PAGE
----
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  8. I think the views are remarkable, even from the third floor. Anywhere that has a view of the ocean is good in my eyes. Of course it must be a proper view, not just a glimpse 'when the sun is right if you lean right out and look left'.
    I remember having a magazine picture of Max Merritt on my bedroom wall. Right next to Jon English. (*~*)

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    1. River, the trouble with ocean views is they are usually dark at night. I had Jon English but not Max. I can't really remember him.

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    2. Did you have Jon English in tight white pants leaning against a red convertible?

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    3. I remember that photo, but I can't remember if that was the one I had. I think not.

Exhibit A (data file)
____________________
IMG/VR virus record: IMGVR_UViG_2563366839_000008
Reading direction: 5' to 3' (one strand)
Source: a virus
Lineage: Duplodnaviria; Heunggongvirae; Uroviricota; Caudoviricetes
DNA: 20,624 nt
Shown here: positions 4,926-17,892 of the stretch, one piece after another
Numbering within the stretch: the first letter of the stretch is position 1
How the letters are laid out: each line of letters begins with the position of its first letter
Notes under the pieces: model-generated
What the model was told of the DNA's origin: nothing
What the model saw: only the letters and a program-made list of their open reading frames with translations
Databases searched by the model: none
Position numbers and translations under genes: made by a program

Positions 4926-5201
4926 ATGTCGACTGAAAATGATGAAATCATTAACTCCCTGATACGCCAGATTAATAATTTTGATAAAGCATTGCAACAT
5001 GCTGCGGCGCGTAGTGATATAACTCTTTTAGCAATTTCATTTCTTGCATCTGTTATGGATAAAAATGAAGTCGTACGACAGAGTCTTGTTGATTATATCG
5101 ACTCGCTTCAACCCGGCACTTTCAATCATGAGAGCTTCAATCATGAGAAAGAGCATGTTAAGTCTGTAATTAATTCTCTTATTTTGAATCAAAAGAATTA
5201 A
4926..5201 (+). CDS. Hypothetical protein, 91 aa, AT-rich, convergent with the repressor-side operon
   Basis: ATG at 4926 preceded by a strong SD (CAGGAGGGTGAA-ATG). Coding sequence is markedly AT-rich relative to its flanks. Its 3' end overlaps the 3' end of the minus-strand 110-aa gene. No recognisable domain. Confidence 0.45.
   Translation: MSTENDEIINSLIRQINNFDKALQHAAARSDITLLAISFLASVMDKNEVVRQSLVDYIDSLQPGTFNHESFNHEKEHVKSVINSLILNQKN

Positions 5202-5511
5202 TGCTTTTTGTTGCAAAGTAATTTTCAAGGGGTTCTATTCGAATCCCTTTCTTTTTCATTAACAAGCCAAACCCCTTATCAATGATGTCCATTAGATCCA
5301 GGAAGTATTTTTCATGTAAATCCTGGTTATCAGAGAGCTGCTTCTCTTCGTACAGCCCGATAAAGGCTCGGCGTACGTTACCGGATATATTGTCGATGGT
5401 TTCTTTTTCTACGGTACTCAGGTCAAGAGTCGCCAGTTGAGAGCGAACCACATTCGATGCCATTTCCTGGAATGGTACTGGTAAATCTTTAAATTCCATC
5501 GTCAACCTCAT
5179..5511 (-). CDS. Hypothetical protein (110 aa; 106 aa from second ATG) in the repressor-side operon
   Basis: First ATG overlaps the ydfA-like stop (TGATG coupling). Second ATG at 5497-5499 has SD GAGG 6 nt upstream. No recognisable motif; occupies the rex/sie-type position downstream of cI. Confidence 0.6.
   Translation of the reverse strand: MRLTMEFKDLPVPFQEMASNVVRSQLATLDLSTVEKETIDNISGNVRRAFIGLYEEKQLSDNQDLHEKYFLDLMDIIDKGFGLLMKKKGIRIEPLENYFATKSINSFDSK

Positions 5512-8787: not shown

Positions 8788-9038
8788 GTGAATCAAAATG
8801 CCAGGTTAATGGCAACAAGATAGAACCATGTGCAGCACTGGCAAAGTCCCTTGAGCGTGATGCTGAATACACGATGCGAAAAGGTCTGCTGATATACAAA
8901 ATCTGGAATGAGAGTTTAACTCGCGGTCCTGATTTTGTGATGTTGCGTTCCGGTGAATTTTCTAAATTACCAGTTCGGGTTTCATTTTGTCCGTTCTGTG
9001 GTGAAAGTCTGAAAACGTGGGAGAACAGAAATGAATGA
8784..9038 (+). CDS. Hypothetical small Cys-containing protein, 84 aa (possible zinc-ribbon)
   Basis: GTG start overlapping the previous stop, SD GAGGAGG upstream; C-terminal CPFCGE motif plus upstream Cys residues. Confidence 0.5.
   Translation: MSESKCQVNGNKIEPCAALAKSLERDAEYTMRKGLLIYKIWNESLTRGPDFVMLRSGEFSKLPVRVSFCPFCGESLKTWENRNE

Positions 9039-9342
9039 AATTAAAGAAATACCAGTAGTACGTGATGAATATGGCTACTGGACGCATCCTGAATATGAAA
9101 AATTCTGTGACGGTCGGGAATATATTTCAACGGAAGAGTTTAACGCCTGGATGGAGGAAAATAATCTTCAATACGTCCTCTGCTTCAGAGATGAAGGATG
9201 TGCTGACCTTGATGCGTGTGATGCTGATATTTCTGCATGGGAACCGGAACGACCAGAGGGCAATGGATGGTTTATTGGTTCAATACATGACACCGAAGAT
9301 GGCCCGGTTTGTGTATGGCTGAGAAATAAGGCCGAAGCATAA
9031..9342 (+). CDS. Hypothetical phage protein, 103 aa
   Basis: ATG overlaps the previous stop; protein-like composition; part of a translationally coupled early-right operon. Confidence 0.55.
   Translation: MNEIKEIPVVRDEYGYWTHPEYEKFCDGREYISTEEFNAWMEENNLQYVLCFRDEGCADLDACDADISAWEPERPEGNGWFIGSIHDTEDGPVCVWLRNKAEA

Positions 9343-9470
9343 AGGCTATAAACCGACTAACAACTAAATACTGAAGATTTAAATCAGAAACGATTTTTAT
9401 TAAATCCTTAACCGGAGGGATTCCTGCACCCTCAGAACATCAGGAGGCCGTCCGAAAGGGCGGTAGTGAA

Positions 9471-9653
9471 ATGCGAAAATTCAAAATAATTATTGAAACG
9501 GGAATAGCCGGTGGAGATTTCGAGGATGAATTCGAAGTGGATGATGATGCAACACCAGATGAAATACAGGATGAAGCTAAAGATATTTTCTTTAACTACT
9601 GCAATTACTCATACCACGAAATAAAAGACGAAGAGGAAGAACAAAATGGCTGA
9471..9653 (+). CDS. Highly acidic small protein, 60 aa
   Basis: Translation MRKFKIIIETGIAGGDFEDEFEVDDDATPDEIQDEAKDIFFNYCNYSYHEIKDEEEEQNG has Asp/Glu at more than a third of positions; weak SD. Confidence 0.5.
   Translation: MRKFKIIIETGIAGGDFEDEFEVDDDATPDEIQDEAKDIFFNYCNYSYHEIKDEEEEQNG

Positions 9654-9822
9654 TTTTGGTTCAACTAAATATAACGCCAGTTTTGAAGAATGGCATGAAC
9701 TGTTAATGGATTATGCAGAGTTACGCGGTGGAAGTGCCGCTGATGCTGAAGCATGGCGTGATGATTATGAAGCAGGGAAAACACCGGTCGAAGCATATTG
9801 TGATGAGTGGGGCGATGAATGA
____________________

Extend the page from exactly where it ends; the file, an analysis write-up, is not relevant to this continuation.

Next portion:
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  9. I remember being driven past it when it was new and sparkly. I thought it was the height of elegance on the beachfront. It was before the older houses started to be sold and renovated into luxury up market money makers.

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    1. Jah Teh, it must have really been something when it was brand new, almost unseen of here.

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  10. I remember Bruce Small...met him once years ago on the Gold Coast.
    That good to see inside the towers, those apartments that you could.
    Terrazzaro was very popular once...still could be over your way..

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    1. Margaret, as I remember Small, he played the fool very skillfully, rather like Bjelke Peterson. Our first flat in about 1980 had a terrazzo bathroom floor. We used to polish it until it gleamed. I don't see much of it now.